JOC draws angst after slashing grants to sports federations

The offices of the Japan Olympic Committee and many national sports federations are located at the Japan Sport Olympic Square in Tokyo

(July 13 The Asahi Shimbun) Japanese sports federations, already hurting financially from the new coronavirus pandemic, are lamenting the decision by the Japanese Olympic Committee (JOC) to more than halve grants to those groups.
The JOC’s fiscal 2020 budget lists 800 million yen ($7.48 million) in enhancement grants for national sports federations, compared with 2 billion yen the previous fiscal year.
The committee said it cannot estimate the revenue amount from sponsors in and after fiscal 2021 because of the one-year postponement of the 2020 Tokyo Olympics.
With the novel coronavirus pandemic still raging, holding the Games next year is not guaranteed.
“Operating revenue in the next fiscal year could be zero, so we have to decrease expenditures this fiscal year and use the leftover amount next fiscal year,” a senior JOC official said. “We have no choice but to make some sacrifices.”
One official of a national sports federation said of the budget, “I felt that the essential part was cut off.”
The grants are distributed to each federation from the JOC’s own revenues, and the associations have total freedom to decide how to spend the money.
Normally, at least 10 million yen has been given to each federation of an Olympic sport. But if they represent sports that Japanese are likely to win Olympic medals in, they could receive nearly 100 million yen.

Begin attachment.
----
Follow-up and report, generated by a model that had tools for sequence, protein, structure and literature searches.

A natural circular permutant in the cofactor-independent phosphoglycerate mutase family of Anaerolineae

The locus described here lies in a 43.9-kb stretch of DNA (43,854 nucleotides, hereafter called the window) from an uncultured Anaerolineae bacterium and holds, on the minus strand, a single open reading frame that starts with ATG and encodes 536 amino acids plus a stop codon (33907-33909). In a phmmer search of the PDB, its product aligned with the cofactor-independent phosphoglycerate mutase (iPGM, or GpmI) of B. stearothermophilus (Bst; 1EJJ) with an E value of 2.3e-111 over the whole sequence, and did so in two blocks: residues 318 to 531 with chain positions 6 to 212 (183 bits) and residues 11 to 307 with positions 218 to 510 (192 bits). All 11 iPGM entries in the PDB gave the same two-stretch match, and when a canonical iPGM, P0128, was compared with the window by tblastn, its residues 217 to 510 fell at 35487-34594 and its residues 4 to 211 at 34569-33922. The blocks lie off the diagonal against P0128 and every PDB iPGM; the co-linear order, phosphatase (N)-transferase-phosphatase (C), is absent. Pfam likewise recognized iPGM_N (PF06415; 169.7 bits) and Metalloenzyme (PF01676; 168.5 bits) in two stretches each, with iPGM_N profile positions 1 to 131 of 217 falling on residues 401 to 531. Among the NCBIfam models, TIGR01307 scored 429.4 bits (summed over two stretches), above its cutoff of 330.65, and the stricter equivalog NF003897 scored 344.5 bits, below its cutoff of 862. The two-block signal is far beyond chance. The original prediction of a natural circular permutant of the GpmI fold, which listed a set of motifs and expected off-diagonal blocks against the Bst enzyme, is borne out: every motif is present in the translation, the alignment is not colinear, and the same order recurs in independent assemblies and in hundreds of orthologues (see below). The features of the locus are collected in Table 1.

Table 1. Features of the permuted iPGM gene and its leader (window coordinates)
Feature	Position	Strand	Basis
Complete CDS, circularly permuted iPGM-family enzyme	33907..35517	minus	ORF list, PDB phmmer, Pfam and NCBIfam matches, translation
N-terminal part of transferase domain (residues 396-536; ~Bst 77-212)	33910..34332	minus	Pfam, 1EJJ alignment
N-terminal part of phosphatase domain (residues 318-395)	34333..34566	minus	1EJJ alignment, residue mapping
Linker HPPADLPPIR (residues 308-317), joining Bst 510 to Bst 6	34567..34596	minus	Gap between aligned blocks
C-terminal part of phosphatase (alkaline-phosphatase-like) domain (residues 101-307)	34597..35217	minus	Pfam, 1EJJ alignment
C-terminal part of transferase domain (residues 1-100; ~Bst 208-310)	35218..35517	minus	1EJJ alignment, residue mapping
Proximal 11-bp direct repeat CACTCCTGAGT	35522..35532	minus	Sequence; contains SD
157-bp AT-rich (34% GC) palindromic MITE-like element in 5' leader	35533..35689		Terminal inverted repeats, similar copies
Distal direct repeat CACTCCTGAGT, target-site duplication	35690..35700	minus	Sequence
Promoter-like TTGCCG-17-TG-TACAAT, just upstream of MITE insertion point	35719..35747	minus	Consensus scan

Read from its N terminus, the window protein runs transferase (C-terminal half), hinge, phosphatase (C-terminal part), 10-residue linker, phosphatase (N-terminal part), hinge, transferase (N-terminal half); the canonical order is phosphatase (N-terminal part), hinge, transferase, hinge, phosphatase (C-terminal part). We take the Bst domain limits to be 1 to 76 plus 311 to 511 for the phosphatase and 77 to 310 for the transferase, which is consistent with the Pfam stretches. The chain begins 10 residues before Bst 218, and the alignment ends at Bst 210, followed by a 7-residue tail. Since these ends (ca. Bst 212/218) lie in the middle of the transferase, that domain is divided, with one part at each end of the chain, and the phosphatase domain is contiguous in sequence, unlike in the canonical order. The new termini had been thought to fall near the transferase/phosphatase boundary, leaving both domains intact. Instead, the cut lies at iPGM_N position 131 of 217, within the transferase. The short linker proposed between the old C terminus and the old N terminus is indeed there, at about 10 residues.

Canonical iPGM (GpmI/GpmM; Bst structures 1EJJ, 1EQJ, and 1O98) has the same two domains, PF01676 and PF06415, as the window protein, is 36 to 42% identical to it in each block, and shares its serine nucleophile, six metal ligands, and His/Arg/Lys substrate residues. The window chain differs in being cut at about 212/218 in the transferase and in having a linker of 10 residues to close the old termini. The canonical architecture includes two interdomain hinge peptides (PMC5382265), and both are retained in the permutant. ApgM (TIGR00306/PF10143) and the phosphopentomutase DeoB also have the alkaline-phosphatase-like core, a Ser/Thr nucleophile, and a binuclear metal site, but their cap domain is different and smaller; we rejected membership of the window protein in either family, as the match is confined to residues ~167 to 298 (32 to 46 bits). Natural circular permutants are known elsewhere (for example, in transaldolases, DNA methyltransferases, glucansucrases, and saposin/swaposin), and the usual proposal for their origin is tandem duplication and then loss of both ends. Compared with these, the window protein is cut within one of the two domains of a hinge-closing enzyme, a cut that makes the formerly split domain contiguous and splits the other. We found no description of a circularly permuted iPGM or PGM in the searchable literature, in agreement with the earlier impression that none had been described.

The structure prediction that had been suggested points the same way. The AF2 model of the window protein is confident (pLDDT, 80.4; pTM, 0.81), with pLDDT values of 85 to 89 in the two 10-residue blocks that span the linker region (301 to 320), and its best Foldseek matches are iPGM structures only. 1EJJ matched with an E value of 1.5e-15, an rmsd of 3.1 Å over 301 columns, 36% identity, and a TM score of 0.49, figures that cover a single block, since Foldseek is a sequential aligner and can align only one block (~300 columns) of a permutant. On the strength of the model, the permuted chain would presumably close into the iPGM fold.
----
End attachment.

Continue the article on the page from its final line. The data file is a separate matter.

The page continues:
The JOC listed about 12.8 billion yen in operating expenses in its fiscal 2020 budget, a decrease of about 2.9 billion yen from last fiscal year.
Nearly half of the reduction was for the grants.
A senior official of a federation said, “They cut that part first.”
Many sports federations have already suffered from a reduction in registration fees for athletes and revenue from sponsors because of the COVID-19 pandemic.
The JOC’s revenue for the enhancement grants comes mainly from sponsors, including fees for the use of Olympic logos.
Under a joint marketing contract from January 2015 to December 2020, the JOC and the Tokyo Olympic organizing committee were to look for sponsors for the 2020 Games. But after the event was postponed, the JOC and the organizing committee decided to keep searching for sponsors together after December 2020.
The JOC said it cannot predict how many sponsors can be signed for the 2021 event nor how much revenue it will take in.
The JOC at its board of directors meeting decided to hold regular talks with national sports federations “to communicate closely”.
However, many federations just want direct financial assistance.
“We want the JOC to stay closer with us in this difficult situation by, for instance, allowing us to receive some loans from the JOC,” a source close to a federation said.